Click chemistry is a popular synthetic concept which enables the quick and reliable stitching of two molecular building blocks in high yield and selectivity. The concept has been coined by K.B. Sharpless [1] and has been widely employed in drug discovery [2], chemical biology, and material science as it is amenable to high-throughput experimentation. In general, click chemistry is a collection of synthetic methods that are high yielding, fast, easy to perform and produce little to no byproducts. One of the most popular click reactions is the Cu(I)-catalyzed azide-alkyne cycloaddition which yields triazoles [3]. More recently, a new click reaction was developed by Sharpless and coworkers, i.e. sulfur (VI) fluoride exchange (SuFEx) which employs sulfonyl fluorides as stable and robust reagents [4].

Key to the success of the click chemistry concept is the access to a broad array of structurally diverse click reagents in large quantities [5]. It is general belief that flow chemistry can be particularly helpful in realizing this objective. As an example, the synthesis of azides has been reported by many research groups and has been successfully coupled with the follow-up Cu(I)-catalyzed azide-alkyne cycloaddition (CuAAC) [6,7,8,9,10]. The combination of these two steps leads to a significant time reduction and keeps the total inventory of hazardous azides low, thus effectively reducing the safety risks associated with these reagents [11]. Moreover, the use of superheated reaction conditions in combination with copper-based capillaries allows to further reduce the reaction time effectively [12]. Removal of the homogeneous Cu(I)-catalyst can also be achieved in flow leading to almost pure triazole compounds, which meet the stringent product purity requirements needed in the pharmaceutical industry [13, 14].

While the CuAAC has served as a benchmark reaction for flow chemistry in the past two decades, SuFEx has received much less scrutiny. Recently, our group developed an electrochemical approach to access the key sulfonyl fluoride starting materials [15]. The method involves an anodic oxidation process and uses widely available thiols or disulfides and KF as a cheap, safe and widely available fluorine source. Biphasic reaction conditions (acetonitrile/1 M HCl) are required and the reaction was carried out in batch. However, preliminary studies showed that the use of flow chemistry was of great benefit [16,17,18,19,20]. The reaction time could be reduced to the minute range in flow and no mass transfer limitations were observed. The reduced reaction time can be attributed to (i) the increased electrode surface-to-volume ratio, (ii) a high interfacial area between the organic and aqueous phase, and (iii) intensified mass transport due to multiphase fluid patterns.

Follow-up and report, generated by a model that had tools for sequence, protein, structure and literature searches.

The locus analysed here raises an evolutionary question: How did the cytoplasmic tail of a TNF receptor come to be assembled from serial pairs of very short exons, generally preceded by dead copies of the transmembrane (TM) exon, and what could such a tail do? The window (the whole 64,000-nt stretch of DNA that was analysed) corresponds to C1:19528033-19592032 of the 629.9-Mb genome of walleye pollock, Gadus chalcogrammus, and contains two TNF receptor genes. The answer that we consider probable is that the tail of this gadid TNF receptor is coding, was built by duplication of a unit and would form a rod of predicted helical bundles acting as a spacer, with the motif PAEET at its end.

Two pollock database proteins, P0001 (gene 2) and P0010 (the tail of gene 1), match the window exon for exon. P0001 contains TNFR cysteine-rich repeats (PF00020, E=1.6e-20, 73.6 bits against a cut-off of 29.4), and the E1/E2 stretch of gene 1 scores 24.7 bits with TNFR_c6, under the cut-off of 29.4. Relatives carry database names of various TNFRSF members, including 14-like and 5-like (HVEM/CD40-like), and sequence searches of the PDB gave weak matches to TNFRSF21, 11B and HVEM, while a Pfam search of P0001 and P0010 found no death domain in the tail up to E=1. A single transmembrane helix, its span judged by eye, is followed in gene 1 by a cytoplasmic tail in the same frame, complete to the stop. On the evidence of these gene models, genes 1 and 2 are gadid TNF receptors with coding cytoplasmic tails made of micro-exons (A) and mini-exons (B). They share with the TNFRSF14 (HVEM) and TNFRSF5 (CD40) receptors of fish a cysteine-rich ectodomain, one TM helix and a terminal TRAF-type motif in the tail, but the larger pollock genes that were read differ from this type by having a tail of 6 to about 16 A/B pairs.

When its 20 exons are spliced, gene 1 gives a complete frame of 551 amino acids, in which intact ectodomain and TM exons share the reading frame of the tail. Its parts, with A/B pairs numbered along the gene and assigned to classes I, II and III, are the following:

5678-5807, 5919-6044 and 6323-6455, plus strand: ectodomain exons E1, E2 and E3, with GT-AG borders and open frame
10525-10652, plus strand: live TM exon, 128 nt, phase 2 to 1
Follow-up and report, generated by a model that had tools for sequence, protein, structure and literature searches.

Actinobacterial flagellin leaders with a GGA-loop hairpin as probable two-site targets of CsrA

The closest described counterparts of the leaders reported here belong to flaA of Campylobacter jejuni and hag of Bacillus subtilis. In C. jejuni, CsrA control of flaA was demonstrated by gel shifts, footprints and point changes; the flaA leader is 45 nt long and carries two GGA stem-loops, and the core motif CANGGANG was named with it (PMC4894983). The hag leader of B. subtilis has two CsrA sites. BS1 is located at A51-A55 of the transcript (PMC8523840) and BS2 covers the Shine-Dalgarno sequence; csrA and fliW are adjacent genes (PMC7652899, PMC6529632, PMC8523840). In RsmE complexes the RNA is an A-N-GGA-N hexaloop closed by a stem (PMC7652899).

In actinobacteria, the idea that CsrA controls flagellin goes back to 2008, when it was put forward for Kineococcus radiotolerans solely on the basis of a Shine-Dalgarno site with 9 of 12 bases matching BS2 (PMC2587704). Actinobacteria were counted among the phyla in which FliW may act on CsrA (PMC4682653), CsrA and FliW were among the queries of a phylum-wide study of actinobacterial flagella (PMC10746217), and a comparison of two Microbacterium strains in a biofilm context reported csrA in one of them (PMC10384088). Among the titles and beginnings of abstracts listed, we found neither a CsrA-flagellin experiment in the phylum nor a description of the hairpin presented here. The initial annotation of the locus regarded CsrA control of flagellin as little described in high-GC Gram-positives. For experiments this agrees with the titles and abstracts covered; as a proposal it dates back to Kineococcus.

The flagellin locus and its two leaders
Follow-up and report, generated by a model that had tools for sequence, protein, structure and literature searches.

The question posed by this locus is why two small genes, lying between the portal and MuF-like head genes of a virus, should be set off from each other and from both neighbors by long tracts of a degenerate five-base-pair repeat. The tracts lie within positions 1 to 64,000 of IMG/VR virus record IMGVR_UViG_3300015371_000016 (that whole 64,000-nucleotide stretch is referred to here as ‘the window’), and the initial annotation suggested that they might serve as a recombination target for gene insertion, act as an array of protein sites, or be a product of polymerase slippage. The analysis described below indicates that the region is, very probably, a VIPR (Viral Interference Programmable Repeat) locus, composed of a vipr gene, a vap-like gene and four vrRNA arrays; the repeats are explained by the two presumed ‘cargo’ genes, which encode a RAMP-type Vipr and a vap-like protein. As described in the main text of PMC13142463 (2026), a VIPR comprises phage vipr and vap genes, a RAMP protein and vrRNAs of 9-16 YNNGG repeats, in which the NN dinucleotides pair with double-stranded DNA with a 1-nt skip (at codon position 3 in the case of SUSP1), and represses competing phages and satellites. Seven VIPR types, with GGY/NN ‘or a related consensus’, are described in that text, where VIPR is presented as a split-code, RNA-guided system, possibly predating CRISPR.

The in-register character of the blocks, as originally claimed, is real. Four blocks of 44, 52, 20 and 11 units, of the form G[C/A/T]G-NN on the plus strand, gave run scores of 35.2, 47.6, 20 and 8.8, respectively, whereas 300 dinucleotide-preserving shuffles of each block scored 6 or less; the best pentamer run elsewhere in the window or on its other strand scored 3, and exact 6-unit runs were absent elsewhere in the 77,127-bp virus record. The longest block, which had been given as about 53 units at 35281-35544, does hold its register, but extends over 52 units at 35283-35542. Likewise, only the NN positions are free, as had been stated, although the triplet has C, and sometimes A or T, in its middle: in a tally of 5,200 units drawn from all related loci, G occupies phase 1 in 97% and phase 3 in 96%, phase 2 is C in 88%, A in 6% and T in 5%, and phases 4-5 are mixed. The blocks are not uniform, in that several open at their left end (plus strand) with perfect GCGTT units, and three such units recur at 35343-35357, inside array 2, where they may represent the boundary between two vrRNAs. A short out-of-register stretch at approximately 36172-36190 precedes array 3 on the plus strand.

In this manuscript, we provide a full investigation of all relevant process parameters in the flow-enabled electrochemical oxidative coupling of thiols and fluoride yielding sulfonyl fluorides. Moreover, we have for the first time coupled the sulfonyl fluoride synthesis with a subsequent SuFEx click reaction in flow, which represents a particularly useful strategy to handle the most volatile sulfonyl fluoride reagents.

Results and discussion

Initial experiments were carried out with thiophenol as the benchmark substrate and KF as the fluoride source (Scheme 1). It should be noted that all experiments described in this paper are carried out in a home-built electrochemical flow reactor (Fig. 1) [21]. At the cathode, hydrogen is generated as a benign and high value byproduct. In such a scenario, electrodes with a low hydrogen overpotential are typically preferred, e.g. platinum, copper or stainless steel [22]. From our previous experiments in batch, we found that a graphite anode and a stainless steel cathode worked optimal and this proved to be also the case in our flow experiments (Table 1, Entry 1). Other electrode materials as cathode, such as copper, graphite or nickel, did not lead to any improvement (Table 1, Entries 2–4).

Scheme 1
scheme 1

Electrochemical oxidative coupling of thiophenol and KF in flow as a benchmark reaction. The reaction conditions displayed are the optimized parameters

Fig. 1
figure 1